“All five semifinalists were equally competitive and it was really a challenge to pitch our solution among them. We are humbled by the Judges’ decision to choose our solution as the winner,” Professor Karandikar told us. “We will continue to improve our technology solution to make it more efficient. We are also working on a sustainable business model that can enable local village entrepreneurs to deploy and manage access networks. We believe that a decentralized and sustainable model is the key to the success of a technology solution for connecting the unconnected.”

As “Runner-Up” with a funding award of US$75,000, our Judges selected Afri-Fi: Free Public WiFi, lead by Tim Human (South Africa). The project is an extension of the highly awarded and successful Project Isizwe, which offers 500MB of data for free per day, but the key goal of this project is to create a sustainable business model by linking together free wifi networks throughout South Africa and engaging users meaningfully with advertisers so they can “earn” free wifi.

The team presented a compelling and sophisticated way to use consumer data, protect privacy, and bolster entrepreneurship in their solution. “The team has proven how their solution for a FREE internet is supporting thriving communities in South Africa. Their approach towards community building, partnerships, developing local community entrepreneurs and inclusivity, with a goal of connecting some of the most marginalized communities, are all key factors in why they deserve this recognition and are leading the FREE Internet movement in Southern Africa”, concluded Marlon Parker, Founder of Reconstructed Living Labs, on behalf of the jury.

Finally, the “Most Novel” award worth US$30,000 goes to Bruno Vianna (Brazil) and his team from the Free Networks P2P Cooperative. Fueled by citizen science and community technology, this team is building on the energy of the free networks movement in Brazil to tackle the digital divide. Rather than focusing on technology, the Coop has created a financial and logistical model that can be tailored to each village’s norms and community. The team was able to experiment more adventurously with ways to engage communities through “barn-raising” group activities, deploying “open calls” for leadership to reinforce the democratic nature of their approach, and instituting a sense of “play” for the villagers when learning how to use the equipment. The innovative way the team deconstructed the challenge around empowering communities to build their own infrastructure in an affordable and sustainable way proved to be the deciding factor for the Judges.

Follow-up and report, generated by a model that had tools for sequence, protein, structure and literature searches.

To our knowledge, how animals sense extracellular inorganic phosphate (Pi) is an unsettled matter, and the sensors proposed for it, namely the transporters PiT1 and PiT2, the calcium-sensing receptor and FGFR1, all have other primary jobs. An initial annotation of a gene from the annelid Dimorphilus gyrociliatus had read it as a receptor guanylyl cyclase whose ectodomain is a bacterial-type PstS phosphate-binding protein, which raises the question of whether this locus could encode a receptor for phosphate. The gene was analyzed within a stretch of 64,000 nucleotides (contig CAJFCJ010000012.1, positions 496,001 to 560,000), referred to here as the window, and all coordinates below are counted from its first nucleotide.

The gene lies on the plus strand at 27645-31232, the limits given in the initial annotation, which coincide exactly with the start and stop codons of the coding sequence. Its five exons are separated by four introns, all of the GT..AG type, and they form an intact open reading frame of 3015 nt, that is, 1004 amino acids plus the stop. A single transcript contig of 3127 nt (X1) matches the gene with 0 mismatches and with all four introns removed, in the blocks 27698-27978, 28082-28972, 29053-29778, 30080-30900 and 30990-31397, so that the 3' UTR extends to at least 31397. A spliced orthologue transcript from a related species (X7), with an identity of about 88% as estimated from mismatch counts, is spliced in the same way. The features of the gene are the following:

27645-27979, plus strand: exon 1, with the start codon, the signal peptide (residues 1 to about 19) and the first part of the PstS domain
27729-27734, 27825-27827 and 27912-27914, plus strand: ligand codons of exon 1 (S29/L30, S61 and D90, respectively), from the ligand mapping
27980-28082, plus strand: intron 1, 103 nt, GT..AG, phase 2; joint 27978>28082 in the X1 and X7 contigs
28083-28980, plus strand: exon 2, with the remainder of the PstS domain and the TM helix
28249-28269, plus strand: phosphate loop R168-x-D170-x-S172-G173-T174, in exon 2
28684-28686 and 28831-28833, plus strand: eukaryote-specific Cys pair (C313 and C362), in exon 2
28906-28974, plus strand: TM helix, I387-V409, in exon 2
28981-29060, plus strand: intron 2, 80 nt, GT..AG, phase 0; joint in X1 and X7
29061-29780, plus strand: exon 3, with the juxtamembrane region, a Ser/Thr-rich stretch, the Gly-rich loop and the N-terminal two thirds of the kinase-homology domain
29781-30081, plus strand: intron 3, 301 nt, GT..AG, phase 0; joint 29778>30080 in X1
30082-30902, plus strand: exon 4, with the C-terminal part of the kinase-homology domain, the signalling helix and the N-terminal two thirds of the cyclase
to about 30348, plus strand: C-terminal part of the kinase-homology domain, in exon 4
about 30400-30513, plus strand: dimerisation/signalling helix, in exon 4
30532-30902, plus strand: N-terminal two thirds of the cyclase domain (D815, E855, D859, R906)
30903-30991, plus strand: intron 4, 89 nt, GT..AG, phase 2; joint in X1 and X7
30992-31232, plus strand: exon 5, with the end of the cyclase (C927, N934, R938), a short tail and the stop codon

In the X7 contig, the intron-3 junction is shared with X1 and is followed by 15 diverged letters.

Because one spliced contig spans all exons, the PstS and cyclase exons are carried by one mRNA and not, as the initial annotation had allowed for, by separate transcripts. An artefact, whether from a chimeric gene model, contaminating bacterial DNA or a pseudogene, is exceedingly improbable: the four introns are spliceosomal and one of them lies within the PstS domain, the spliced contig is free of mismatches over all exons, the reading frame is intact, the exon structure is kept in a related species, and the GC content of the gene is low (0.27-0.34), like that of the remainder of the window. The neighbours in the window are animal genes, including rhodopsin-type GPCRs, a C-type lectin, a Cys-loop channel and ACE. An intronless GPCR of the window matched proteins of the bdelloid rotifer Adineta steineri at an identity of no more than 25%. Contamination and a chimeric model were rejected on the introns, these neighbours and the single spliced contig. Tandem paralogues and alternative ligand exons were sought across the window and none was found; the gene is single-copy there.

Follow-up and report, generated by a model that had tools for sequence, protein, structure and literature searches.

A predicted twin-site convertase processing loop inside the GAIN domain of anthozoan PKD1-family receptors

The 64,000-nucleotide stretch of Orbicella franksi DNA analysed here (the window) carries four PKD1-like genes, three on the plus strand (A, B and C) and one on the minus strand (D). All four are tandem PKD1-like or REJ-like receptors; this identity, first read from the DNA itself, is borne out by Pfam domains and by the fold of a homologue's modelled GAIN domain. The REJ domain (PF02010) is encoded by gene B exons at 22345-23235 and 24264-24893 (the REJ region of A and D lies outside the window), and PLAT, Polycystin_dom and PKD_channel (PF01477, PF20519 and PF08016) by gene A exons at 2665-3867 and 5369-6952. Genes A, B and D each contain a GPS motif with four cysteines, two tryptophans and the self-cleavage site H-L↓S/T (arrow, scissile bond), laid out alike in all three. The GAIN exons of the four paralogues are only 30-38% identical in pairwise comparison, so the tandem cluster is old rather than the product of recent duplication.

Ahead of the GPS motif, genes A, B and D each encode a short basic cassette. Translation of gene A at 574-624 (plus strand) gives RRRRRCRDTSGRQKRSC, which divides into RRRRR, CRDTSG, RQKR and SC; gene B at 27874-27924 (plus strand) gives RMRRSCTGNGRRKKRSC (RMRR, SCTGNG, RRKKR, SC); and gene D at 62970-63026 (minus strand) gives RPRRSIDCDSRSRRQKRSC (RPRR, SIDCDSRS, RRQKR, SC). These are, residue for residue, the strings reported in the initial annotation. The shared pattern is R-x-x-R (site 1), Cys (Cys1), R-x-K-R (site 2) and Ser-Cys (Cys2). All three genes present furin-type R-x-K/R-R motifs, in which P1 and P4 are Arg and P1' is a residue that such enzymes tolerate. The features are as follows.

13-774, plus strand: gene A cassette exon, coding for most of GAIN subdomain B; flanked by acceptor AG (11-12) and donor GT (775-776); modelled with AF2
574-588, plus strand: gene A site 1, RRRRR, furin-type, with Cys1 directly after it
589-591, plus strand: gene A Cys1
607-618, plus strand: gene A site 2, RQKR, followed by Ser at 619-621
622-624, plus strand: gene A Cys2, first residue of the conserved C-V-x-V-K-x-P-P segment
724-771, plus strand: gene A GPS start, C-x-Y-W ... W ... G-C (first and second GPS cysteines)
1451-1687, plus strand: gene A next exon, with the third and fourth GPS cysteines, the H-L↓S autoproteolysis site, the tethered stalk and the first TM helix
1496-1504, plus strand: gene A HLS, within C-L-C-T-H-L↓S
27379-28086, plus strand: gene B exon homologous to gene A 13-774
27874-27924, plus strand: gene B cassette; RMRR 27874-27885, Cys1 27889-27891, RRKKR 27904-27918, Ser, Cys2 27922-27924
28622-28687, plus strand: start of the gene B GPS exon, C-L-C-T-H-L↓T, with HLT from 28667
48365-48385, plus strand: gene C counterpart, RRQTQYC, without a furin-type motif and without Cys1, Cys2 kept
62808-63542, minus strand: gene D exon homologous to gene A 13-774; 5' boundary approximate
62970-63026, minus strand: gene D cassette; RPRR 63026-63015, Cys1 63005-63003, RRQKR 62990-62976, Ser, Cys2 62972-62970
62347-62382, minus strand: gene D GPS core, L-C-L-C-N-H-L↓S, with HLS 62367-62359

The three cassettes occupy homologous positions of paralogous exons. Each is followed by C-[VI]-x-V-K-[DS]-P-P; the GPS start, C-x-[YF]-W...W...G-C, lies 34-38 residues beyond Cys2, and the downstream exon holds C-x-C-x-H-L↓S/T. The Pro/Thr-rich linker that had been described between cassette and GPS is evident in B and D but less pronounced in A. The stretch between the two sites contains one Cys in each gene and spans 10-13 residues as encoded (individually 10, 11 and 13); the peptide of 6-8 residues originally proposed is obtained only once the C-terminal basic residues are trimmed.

Semifinalists from left to right: Steve Song (Canada), Freemium Mobile Internet (FMI), Dr Carlos Rey-Moreno (South Africa), Zenzeleni “Do it for yourselves” Networks (ZN), Bruno Vianna (Brazil), Free Networks P2P Cooperative, Tim Genders (South Africa), Afri-Fi: Free Public WiFi, Dr Sarbani Banerjee Belur (India), Gram Marg Solution for Rural Broadband

Enormous thanks to all who participated in this Innovation Challenge through their submissions, engagement in meetups and events, as well as to our expert panel of Judges for their invaluable insights and time, and to the Mozilla mentors who supported the semifinalists in advancing their projects. We also want to thank all who took part in our online community voting. During the week-long period, we received almost 6,000 votes, with Zenzeleni and Gram Marg leading as the top two vote-getters.

Mozilla started this initiative because we believe in the power of collaborative solutions to tackle big issues. We wanted to take action and encourage change. With the Innovation Challenge, we not only highlighted a broader set of solutions, and broadened the dialogue around these issues, but built new communities of problem-solvers that have strengthened the global network of people working toward connecting the next billion and beyond.

At Mozilla, our commitment to Equal Rating through policy, innovation, research, and support of entrepreneurs in the space will continue beyond this Innovation Challenge, but it will take a global community to bring all of the internet to all people. As our esteemed Judge Omobola Johnson, the former Communication Technology Minister of Nigeria and partner at venture capital fund TLcom, commented: “it’s not about the issue of the unconnected, it’s about the people on the ground who make the connection.” We couldn’t agree more!

Visit us on www.equalrating.com, join our community, let your voice be heard. We’re all in this together — and today congratulate our five final teams for their tremendous leadership, vision, and drive. They are the examples of what’s best in all of us!